For example, in assembling images to accompany this text, I got out my old Plan de Paris and peered at the map of the 3ème arrondissement, where my first apartment in the city had been: a cold water one room walk-up at the top of the building with a single hotplate and a hole in the wall. Many evenings, my boyfriend of those days, his brother and I fought for a seat closest to the heater, which was on the outside wall beneath the window, and right next to the hole in the wall, over which I had taped a postcard, in a useless effort to make the bitterest winter in Paris in 100 years somewhat warmer. We had lived not far from the République metro, near Boulevard du Temple, on a street with a long name that contained the word Temple…Or maybe Fontaine. Or maybe both names. As I squinted at the map–for I now require reading glasses in order to see such tiny print, there it was, strobing in and out of sight,  a long street name containing both the words Fontaine and Temple, just around from the Blvd du Temple: rue des Fountaines du Temple. Hurrah! I felt a surge of familiarity. If only I could remember the number…..It was a very low number I seemed to recall. Number 3 perhaps? Or 13? Or 17? I noodled around on Google Street View, wandering up and the down the virtual streets until I thought I could see the square visible from the apartment where a shivering woman sometimes sold roasted chestnuts; if I had enough francs, which wasn’t often, I’d race down the stairs and go buy a bag of steaming chestnuts from her and peel back the split skins, the first time in days my fingers would be warm.  There was the narrow street view the other way, the battered door we hustled in and out of. Yes, yes; that was it. I looked at the address: 3, rue de la Fontaine au roi. Was that right? I looked again. Had to be! I took a screenshot and posted it at the head of this story. Hurrah for the internet, which solves all problems.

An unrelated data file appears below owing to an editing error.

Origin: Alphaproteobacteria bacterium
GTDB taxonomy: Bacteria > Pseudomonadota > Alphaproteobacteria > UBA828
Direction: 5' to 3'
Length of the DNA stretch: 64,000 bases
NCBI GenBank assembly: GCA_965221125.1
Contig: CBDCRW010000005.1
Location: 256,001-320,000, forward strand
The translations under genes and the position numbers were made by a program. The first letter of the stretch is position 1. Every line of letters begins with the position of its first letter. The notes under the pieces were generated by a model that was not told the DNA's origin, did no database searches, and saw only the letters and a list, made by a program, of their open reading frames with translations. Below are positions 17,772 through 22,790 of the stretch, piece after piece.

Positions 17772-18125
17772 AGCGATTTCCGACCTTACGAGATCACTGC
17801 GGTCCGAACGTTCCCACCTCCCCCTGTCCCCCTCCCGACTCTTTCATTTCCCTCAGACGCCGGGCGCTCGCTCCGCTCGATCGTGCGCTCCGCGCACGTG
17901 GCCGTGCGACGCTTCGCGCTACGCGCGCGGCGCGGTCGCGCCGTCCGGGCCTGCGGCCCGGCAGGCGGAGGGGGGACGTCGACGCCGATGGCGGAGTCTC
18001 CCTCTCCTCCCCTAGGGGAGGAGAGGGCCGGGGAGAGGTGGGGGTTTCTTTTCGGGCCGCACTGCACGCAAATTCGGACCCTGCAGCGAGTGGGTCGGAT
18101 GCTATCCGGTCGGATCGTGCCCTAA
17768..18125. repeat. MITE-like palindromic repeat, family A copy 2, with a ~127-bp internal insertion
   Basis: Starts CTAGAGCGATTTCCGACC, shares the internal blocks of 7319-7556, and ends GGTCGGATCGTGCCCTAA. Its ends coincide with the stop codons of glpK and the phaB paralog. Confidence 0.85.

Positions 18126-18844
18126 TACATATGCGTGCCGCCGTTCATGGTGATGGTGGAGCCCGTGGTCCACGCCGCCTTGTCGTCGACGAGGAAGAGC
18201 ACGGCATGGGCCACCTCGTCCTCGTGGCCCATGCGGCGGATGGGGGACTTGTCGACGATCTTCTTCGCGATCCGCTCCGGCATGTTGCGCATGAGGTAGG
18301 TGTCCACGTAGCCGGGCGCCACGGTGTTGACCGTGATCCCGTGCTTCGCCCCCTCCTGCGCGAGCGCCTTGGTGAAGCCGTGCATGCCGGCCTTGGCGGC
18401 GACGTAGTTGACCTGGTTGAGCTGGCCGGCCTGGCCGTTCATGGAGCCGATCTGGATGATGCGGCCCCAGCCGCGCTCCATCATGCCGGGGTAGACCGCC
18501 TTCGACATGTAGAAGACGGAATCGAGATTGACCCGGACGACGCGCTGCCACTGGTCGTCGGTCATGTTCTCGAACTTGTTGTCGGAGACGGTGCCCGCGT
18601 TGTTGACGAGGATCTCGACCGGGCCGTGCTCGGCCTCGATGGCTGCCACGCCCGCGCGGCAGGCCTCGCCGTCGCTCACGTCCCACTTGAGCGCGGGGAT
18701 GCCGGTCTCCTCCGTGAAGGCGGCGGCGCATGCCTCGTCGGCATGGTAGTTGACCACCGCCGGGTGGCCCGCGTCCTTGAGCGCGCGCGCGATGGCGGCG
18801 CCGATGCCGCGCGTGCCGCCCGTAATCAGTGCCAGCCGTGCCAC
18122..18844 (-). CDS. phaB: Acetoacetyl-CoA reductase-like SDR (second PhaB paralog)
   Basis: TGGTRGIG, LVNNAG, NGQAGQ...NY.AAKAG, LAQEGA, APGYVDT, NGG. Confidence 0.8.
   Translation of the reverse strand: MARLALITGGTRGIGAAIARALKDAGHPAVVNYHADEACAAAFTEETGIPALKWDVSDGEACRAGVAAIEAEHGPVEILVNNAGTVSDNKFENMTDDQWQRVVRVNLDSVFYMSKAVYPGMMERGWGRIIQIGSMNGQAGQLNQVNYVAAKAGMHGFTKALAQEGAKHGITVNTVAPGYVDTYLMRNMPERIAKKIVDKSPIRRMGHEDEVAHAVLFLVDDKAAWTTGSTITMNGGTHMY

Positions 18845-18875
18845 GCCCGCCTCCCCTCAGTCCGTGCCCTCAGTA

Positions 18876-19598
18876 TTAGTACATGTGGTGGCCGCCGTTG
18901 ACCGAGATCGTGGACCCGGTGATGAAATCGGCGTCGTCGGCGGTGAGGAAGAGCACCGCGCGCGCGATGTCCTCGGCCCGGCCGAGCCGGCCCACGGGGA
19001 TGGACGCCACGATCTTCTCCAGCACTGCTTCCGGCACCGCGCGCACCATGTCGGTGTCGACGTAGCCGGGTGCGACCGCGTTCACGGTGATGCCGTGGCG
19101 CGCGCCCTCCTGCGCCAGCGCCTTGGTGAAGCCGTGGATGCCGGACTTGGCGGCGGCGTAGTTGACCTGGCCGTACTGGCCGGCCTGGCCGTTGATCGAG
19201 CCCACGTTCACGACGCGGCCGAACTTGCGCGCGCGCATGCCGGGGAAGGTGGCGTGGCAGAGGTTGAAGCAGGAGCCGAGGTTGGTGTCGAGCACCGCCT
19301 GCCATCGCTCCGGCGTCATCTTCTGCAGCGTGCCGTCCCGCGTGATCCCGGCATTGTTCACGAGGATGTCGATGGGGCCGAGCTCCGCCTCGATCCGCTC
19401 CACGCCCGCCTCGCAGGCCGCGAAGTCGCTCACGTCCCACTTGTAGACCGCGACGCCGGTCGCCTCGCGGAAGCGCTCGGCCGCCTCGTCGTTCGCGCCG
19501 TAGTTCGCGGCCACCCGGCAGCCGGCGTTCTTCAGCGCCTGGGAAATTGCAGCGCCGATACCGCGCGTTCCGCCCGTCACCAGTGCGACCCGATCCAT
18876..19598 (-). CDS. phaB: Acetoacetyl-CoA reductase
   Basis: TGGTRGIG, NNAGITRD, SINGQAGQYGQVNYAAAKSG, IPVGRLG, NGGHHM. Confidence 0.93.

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What you think you see isn’t what you always get: drawing on old map of Paris by Granjabiel

Trouble is, that wasn’t the right place, and the internet not only doesn’t solve all problems, sometimes it creates new ones.  Never mind that what you think is true, and what you think you remember are also often not very reliable guides to the past. Not only was my old Plan de Paris not really mine (my friend Elissa Marder’s name is inscribed on the flyleaf next to the faintly penciled price of 40 francs–sorry Elissa!), but in fact Tom and I never lived at 3 rue de la Fontaine au roi.  (Now I can say it: I knew something wasn’t right about that streetscape.) When I finally decided to consult the square ruled Glatigny notebook in which I kept my journal from those days (on papier scolaire surfin 80 g) I saw that we’d lived at 1, rue des Fontaines du Temple 75003 Paris. What Google Street View gave me when I entered that address did seem slightly more familiar, but to be honest, was it? The building where I once lived has been renovated, probably more than once; there certainly weren’t plants hanging out of window boxes when we lived there.